More specifically, the efficiency of one employee cannot offset the inefficient, unproductive work of others, particularly in larger companies.

Plus, ineffective team workload management where there is significant reliance on only a handful of employees to produce most of the output is frequently the cause of an employee burning themselves out.

## Optimal Billing Rate Formula

After a company’s utilization rate has been calculated, the next step is to determine how much to charge clients (i.e. hourly rate) to meet the profit margin target, i.e. the optimal billing rate.

The optimal billing rate is the hourly rate that an enterprise needs to charge to turn a profit based on the average employee utilization rate.

## Optimal Billing Rate Formula

- Optimal Billing Rate = [(Labor Costs + Overhead Costs + Profit Margin)
÷(Total Labor Hours)]÷Capacity Utilization Rate

Suppose a company’s total labor costs are $100,000, there are $20,000 in overhead costs per employee, and the target profit margin is 20%.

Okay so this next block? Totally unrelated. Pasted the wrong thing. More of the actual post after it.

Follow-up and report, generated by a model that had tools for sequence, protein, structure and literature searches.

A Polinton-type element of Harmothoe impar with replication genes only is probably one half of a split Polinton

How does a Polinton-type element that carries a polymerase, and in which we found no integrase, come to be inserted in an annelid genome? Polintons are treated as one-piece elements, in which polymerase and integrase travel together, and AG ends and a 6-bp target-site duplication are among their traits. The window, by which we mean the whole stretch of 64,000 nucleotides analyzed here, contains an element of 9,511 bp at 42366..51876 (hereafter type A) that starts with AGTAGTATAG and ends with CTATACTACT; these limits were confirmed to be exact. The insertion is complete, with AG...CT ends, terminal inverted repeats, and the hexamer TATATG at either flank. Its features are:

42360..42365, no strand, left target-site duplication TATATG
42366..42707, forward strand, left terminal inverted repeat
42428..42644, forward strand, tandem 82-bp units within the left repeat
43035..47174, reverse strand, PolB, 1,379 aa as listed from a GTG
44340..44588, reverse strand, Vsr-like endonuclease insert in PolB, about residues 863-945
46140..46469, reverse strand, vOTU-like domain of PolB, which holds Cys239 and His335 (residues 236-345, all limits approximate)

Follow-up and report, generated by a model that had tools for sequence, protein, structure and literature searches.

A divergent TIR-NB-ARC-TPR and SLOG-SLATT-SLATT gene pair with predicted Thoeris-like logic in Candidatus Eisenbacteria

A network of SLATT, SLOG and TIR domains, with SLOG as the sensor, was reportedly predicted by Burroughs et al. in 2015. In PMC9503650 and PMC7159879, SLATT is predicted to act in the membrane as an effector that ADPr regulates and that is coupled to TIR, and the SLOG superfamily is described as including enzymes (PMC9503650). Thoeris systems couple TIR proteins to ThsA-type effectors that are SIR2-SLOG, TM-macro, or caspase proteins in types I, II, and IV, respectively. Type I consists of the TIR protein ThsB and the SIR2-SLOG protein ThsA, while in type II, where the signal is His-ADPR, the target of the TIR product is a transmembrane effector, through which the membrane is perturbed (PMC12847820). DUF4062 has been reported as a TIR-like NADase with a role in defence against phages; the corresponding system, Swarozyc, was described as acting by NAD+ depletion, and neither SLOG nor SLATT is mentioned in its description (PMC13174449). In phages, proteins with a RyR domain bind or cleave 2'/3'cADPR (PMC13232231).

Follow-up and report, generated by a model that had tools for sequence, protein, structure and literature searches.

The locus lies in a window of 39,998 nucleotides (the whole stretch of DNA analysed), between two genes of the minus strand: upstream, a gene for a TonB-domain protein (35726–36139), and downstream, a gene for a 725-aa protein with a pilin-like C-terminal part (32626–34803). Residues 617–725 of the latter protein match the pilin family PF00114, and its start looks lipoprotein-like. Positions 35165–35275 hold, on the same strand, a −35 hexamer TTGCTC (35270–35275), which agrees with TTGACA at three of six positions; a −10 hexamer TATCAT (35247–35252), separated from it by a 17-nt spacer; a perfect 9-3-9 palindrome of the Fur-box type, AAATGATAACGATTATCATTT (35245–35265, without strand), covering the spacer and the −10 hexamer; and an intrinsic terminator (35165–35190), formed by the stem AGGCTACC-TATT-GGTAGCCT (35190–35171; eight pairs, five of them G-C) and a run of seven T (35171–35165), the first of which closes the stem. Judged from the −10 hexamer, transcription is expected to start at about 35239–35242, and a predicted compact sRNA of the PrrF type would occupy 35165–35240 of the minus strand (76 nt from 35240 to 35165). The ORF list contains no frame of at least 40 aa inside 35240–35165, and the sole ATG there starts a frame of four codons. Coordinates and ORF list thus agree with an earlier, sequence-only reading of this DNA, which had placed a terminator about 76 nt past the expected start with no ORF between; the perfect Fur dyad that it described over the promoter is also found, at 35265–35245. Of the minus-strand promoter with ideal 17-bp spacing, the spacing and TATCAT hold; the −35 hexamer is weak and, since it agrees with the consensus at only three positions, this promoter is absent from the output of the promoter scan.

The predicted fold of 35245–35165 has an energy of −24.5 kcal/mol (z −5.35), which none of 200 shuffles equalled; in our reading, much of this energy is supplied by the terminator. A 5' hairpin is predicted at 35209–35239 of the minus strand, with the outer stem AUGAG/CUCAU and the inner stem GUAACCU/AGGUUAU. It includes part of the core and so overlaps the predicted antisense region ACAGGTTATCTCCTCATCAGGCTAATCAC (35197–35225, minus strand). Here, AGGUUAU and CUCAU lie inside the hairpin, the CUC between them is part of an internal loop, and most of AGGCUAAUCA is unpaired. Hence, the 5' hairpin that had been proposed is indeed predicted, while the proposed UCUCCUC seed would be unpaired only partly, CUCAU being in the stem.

- Labor Costs = $100,000
- Overhead Costs Per Employee = $20,000
- Target Profit Margin = 20%

Note how the numerator must be adjusted, i.e. the sum ($144,000) must be divided by the total average labor hours (1,000).

If the total labor hours are 1,000, then the numerator equals 144

- [$100,000 + $20,000 + (20% × $120,000)] ÷ 1,000 = 144

Then, assuming a capacity utilization rate of 80%, the optimal billing rate comes out to $180.00 per hour.

- Optimal Billing Rate = 144 ÷ 80% = $180.00

## Ideal Utilization Rate Formula

The ideal utilization rate can be derived using a target billing rate — which is set based on the average employee utilization rate and optimal billing rate, among other factors — where its target profit margin is met.

The ideal utilization rate divides the sum of its resource costs, overhead costs, and profit margin by the total available hours multiplied by the optimal billing rate.

## Ideal Utilization Rate

- Ideal Utilization Rate = (Resource Costs + Overhead Costs + Profit Margin) ÷ (Total Available Hours × Optimal Billing Rate)

Given the same assumptions as in the previous example, the ideal utilization rate is 80%.

- Ideal Utilization Rate = $144,000 ÷ (1,000 × 80%)
- Ideal Utilization Rate = $144,000 ÷ 180,000 = 80%

The 80% represents an enterprise’s optimal utilization rate to meet its target profit margin, which would then be compared to its capacity utilization to determine if any operational improvements are necessary.